clock menu more-arrow no yes

Filed under:

Tesla’s annual shareholder meeting will decide Elon Musk’s future

New, 17 comments

Repeat after me: it’s all about the Model 3

Illustration by Alex Castro / The Verge

Last week, Tesla CEO Elon Musk was bombarded with hundreds of questions from fans via Twitter — along with declarations of adoration and the occasional aspersions — ahead of the company’s annual shareholder meeting on June 5th.

The questions ran the gamut: Will Tesla create an electric microbus? Will it participate in the Formula E all-electric race? Will there be a Tesla motorcycle? How about an electric barbecue that plugs into your Tesla vehicle?

Whether these quixotic questions are answered doesn’t really matter, although it’s likely that some will be. Musk has shown an affinity for questions that focus on Tesla’s future rather than its present. Tesla’s annual shareholder meetings have historically delivered informational nuggets on existing products and plans for new ones — much to the delight of its base of true believers. The meeting is scheduled for 2:30PM PT on Tuesday at the Computer History Museum in Mountain View, California.

Amid the swirl of idealism and support for Musk and his vision, it’s easy to forget the present-day problems the company is facing. Tesla must resolve manufacturing problems and ramp up production of its Model 3 electric vehicle without compromising on quality or worker safety if it hopes to deliver on its many other plans, which include a Class 8 heavy truck, next-generation Roadster, solar roofs, and self-driving cars.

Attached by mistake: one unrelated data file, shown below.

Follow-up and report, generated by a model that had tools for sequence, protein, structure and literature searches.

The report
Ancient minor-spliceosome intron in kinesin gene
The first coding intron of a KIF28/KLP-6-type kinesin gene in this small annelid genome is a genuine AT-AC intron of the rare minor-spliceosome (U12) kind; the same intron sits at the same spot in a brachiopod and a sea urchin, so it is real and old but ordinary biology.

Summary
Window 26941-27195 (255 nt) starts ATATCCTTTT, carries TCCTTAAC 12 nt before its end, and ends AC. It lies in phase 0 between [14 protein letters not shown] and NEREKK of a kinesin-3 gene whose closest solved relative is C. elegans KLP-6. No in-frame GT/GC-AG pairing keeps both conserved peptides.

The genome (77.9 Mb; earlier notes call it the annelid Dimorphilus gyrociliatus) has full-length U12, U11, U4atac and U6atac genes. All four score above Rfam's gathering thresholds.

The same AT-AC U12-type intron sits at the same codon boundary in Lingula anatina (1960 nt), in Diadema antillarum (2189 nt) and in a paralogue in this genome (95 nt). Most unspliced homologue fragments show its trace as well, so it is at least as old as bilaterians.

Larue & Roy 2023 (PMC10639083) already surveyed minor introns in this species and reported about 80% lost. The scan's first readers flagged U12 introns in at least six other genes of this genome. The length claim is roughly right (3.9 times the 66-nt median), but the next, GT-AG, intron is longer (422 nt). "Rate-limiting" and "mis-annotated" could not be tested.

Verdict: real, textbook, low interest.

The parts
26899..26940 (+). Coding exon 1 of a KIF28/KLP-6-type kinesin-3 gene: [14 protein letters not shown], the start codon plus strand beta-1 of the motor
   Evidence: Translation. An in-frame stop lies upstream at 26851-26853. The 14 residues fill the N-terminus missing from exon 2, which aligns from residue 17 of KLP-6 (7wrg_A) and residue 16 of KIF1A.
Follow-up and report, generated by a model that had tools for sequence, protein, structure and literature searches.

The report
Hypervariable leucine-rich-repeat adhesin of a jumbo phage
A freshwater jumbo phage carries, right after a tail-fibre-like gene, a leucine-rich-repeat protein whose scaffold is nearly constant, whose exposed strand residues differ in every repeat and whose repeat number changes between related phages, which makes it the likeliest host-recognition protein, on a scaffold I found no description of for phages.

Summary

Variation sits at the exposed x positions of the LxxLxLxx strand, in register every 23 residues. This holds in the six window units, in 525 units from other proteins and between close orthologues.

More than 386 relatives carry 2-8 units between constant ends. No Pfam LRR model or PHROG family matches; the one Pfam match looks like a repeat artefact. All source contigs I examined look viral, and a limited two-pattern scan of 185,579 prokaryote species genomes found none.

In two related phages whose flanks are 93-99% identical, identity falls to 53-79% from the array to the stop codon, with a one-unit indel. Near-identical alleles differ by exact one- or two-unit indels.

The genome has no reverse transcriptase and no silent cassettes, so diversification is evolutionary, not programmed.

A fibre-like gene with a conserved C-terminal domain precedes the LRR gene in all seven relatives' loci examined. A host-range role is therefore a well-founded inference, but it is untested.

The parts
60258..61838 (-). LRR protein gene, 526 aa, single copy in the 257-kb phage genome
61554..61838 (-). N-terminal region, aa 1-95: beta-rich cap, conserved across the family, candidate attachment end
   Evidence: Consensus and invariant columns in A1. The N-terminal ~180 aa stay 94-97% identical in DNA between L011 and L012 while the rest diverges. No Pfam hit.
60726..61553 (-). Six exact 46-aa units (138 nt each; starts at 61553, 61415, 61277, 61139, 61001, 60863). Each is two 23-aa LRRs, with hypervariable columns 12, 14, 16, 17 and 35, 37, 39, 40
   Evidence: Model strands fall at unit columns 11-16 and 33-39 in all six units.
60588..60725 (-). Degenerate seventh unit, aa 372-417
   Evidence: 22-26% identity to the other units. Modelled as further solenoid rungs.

While the believers focus on the future, here are some of the more near-term questions we’d like to see answered at the meeting.

What is the status of Model 3 production problems?

Tesla has struggled to produce the Model 3 since the first deliveries were made in July 2017 during a splashy handover event for employees. Problems first became public in early October 2017 when Tesla reported it had produced just 260 of the electric vehicles, which was far below its goal, and it delivered only 220 of those.

Since then, production has improved, but it’s still falling short of Tesla’s own targets. The company reported at the end of the first quarter in April that it had reached a production level of 2,020 Model 3s per week, short of its 2,500-per-week goal. It's aiming for 5,000-per-week by the end of the next quarter.